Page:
By my own research, a 3 ton geothermal system costs about $7,500. But with the tax credits and energy savings, homeowners will quickly recover the added cost compared with a conventional fossil fuel system. It will be interesting to see whether Massachusetts homeowners, many of whom are environmentally conscious, will consider the benefits of geothermal heating and cooling systems. If I had the extra cash or was building a new home, I certainly would!

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In the spirit of the New Year, let’s look back at the top legal issues of the past year and peer into the crystal ball for a glimpse at 2010.

Top 5 Posts For 2009

#1.  The Catch-22 Impact of New Fannie Mae Condominium Regulations. In January, Fannie Mae was the first government agency to drop a big bucket of cold water on condominium lending underwriting practices which some say contributed to the condominium market meltdown. FHA and others would follow later in the year. The new guidelines had condominium developers and associations, buyers and sellers in a tizzy, as Fannie Mae imposed much tougher pre-sale requirements, condominium financial guidelines and the imposition of unit owner HO-6 insurance policies, among other requirements.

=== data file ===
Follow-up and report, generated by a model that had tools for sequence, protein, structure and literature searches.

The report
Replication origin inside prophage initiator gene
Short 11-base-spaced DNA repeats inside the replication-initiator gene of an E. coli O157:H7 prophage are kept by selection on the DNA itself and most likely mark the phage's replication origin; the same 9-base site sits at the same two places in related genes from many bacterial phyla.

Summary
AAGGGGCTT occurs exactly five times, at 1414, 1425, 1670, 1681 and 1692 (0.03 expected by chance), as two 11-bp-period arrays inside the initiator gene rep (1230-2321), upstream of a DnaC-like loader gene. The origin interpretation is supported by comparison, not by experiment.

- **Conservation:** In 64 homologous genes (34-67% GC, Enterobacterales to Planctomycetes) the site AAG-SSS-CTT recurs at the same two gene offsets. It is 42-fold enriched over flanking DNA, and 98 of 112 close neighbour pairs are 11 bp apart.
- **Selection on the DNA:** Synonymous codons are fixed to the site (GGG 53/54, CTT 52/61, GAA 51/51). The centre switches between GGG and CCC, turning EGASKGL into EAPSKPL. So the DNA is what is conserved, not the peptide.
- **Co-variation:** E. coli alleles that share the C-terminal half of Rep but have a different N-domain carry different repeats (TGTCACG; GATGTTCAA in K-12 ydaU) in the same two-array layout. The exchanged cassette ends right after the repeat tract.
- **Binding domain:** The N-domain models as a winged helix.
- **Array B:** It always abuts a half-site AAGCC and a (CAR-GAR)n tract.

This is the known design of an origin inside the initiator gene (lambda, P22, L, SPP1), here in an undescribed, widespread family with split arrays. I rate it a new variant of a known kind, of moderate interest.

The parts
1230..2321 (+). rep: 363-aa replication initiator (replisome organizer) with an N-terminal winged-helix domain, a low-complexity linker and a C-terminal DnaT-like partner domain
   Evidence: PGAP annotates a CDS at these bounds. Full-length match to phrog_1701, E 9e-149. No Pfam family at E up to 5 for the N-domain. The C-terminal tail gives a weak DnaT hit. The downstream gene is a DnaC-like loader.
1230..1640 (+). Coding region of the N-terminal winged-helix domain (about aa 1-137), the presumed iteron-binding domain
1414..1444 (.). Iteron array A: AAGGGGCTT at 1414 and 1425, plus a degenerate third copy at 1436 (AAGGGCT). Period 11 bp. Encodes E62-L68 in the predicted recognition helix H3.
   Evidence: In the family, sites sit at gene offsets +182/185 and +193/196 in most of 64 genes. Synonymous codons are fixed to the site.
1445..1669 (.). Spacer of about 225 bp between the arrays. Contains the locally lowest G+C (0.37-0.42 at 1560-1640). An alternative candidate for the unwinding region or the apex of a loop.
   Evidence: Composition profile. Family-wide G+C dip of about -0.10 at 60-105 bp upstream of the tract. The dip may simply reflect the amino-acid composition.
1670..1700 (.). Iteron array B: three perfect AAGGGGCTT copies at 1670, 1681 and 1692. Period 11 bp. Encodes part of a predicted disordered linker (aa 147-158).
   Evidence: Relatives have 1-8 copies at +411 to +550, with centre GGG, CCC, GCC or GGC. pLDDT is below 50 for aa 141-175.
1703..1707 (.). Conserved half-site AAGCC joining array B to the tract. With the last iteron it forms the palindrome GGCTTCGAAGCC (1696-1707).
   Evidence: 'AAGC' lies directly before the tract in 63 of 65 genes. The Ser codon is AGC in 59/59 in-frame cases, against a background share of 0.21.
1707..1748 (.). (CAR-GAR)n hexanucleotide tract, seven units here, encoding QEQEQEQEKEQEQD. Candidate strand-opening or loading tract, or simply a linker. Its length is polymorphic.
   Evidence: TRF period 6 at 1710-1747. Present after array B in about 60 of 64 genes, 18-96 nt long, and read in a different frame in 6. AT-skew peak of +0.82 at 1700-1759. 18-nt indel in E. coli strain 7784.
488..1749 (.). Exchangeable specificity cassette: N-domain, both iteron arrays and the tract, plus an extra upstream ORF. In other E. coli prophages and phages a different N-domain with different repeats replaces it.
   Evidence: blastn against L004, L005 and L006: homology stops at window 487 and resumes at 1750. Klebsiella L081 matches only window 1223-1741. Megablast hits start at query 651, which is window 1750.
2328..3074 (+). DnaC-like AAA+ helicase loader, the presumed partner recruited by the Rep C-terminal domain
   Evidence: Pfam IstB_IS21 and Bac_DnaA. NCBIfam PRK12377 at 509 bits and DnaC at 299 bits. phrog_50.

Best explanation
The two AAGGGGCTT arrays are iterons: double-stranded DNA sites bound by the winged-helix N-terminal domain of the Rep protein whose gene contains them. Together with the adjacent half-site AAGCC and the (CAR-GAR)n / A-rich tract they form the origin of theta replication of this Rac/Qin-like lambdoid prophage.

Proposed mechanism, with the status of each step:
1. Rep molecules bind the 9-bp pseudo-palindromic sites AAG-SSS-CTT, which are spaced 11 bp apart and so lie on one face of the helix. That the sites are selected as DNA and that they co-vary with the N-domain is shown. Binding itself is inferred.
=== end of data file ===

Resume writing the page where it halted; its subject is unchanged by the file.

#2.  New FHA Condominium Lending Guidelines Sure To Slow Financing and Chill Sales. The Federal Housing Administration (FHA) followed Fannie’s lead in tightening condominium lending requirements. Originally proposed over the summer, FHA delayed implementation of the new guidelines until earlier in the month and watered down some of the most stringent requirements, after major lenders and community association groups complained.